Imagens da página
PDF
ePub

SCENE VI.

Before MACBETH's castle. Hautboys and torches. Enter DUNCAN, MALCOLM,

DONALBAIN, BANQUO, LENNOX, MACDUFF, Ross, ANGUS, and Attendants.

Dun. This castle hath a pleasant seat; the air Nimbly and sweetly recommends itself Unto our gentle senses. Ban.

This guest of summer, The temple-haunting martlet, does approve, By his loved mansionry, that the heaven's breath Smells wooingly here: no jutty, frieze, Buttress, nor coign of vantage, but this bird Hath made his pendent bed and procreant cradle: Where they most breed and haunt, I have observed, The air is delicate.

Enter LADY MACBETH. Dun.

See, see, our honour'd hostess ! The love that follows us sometime is our trouble, Which still we thank as love. Herein I teach you How you shall bid God 'ild us for your pains, And thank us for

your

trouble. LADY M.

All our service In every point twice done and then done double Were poor and single business to contend Against those honours deep and broad wherewith Your majesty loads our house : for those of old, And the late dignities heap'd up to them, We rest your hermits. Dun.

Where's the thane of Cawdor?

19

[merged small][ocr errors]

We coursed him at the heels, and had a purpose
To be his purveyor: but he rides well;
And his great love, sharp as his spur, hath holp him
To his home before us. Fair and noble hostess,
We are your guests to-night.
LADY M.

Your servants ever
Have theirs, themselves and what is theirs, in compt,
To make their audit at your highness' pleasure,
Still to return your own.
Dun.

Give me your hand;
Conduct me to mine host: we love him highly,
And shall continue our graces towards him.
By your leave, hostess.

[Exeunt.

SCENE VII.

MACBETH's castle.
Hautboys and torches. Enter a Sewer, and divers

Servants with dishes and service, and pass over the
stage. Then enter MACBETH.
MacB. If it were done when 'tis done, then

'twere well
It were done quickly: if the assassination
Could trammel up the consequence, and catch
With his surcease success; that but this blow
Might be the be-all and the end-all here,
But here, upon this bank and shoal of time,
We’ld jump the life to come.

But in these cases We still have judgement here; that we but teach Bloody instructions, which, being taught, return To plague the inventor: this even-handed justice

[ocr errors]

с

Commends the ingredients of our poison'd chalice To our own lips. He's here in double trust; First, as I am his kinsman and his subject, Strong both against the deed; then, as his host, Who should against his murderer shut the door, Not bear the knife myself.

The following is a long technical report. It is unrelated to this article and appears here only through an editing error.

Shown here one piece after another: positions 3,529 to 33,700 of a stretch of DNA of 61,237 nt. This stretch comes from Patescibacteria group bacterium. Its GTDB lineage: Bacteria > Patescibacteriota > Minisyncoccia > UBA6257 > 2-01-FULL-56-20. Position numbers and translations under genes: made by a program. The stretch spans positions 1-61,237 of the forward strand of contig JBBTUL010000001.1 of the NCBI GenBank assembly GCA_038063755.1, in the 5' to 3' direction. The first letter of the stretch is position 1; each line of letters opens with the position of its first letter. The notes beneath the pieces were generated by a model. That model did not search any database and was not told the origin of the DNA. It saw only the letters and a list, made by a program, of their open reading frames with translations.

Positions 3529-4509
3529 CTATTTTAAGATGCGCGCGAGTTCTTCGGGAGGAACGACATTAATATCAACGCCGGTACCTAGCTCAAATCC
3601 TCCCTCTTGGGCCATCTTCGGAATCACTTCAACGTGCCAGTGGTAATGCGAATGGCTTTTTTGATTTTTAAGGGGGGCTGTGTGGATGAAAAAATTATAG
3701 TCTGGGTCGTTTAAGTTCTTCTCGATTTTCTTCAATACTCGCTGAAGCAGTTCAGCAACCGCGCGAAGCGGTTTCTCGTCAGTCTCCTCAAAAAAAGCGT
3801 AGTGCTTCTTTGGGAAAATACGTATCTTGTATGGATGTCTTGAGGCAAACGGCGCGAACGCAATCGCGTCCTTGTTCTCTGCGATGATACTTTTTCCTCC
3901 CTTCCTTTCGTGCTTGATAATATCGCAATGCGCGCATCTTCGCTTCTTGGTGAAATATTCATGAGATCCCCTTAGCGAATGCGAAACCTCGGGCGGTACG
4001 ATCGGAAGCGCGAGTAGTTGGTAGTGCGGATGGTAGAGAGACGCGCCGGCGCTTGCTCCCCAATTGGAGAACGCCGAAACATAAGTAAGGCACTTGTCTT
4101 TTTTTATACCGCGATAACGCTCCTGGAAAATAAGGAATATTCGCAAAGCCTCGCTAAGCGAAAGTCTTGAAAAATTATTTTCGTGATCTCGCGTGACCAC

Besides, this Duncan Hath borne his faculties so meek, hath been So clear in his great office, that his virtues Will plead like angels, trumpet-tongued, against The deep damnation of his taking-off; And pity, like a naked new-born babe, Striding the blast, or heaven's cherubim, horsed Upon the sightless couriers of the air, Shall blow the horrid deed in every eye, That tears shall drown the wind. I have no spur To prick the sides of my intent, but only Vaulting ambition, which o'erleaps itself And falls on the other.

Enter LADY MACBETH.

How now! what news?
LADY M. He has almost supp’d: why have you

left the chamber?
MACB. Hath he asked for me?
LADY M.

Know

you MacB. We will proceed no further in this business: He hath honour'd me of late ; and I have bought Golden opinions from all sorts of people, Which would be worn now in their newest gloss, Not cast aside so soon. LADY M.

Was the hope drunk

not he has ?

d chali

cust;

Es host door Dunca

en

gainst

Wherein you dress’d yourself? hath it slept since ?
And wakes it now, to look so green and pale
At what it did so freely? From this time
Such I account thy love. Art thou afeard
To be the same in thine own act and valour
As thou art in desire ? Wouldst thou have that
Which thou esteem'st the ornament of life,
And live a coward in thine own esteem,
Letting I dare not wait upon I would,
Like the poor cat i' the adage ?
MacB.

Prithee, peace:
I dare do all that may become a man;
Who dares do more is none.
LADY M.

What beast was't, then,
That made

you break this enterprise to me?
When

you durst do it, then you were a man;
And, to be more than what you were, you would
Be so much more the man. Nor time nor place
Did then adhere, and yet you would make both :
They have made themselves, and that their fitness

[merged small][ocr errors]

..

[merged small][ocr errors]

now

Does unmake you. I have given suck, and know
How tender 'tis to love the babe that milks me:
I would, while it was smiling in my face,
Have pluck'd my nipple from his boneless gums,
And dashed the brains out, had I so sworn as you
Have done to this.
MacB.

If we should fail ?
LADY M.

We fail !
But screw your courage to the sticking-place,

And we'll not fail. When Duncan is asleep-
Whereto the rather shall his day's hard journey
Soundly invite him—his two chamberlains
Will I with wine and wassail so convince
That memory, the warder of the brain,
Shall be a fume, and the receipt of reason
A limbeck only: when in swinish sleep
Their drenched natures lie as in a death,
What cannot you and I perform upon
The unguarded Duncan ? what not put upon
His spongy officers, who shall bear the guilt
Of our great quell?
МАСв. .

Bring forth men-children only; For thy undaunted mettle should

compose Nothing but males. Will it not be received, When we have mark'd with blood those sleepy two Of his own chamber and used their very daggers, That they have done't? LADY M.

Who dares receive it other, As we shall make our griefs and clamour roar Upon his death? МАСв. .

I am settled, and bend up Each corporal agent to this terrible feat. Away, and mock the time with fairest show: False face must hide what the false heart doth know.

[Ereunt.

« AnteriorContinuar »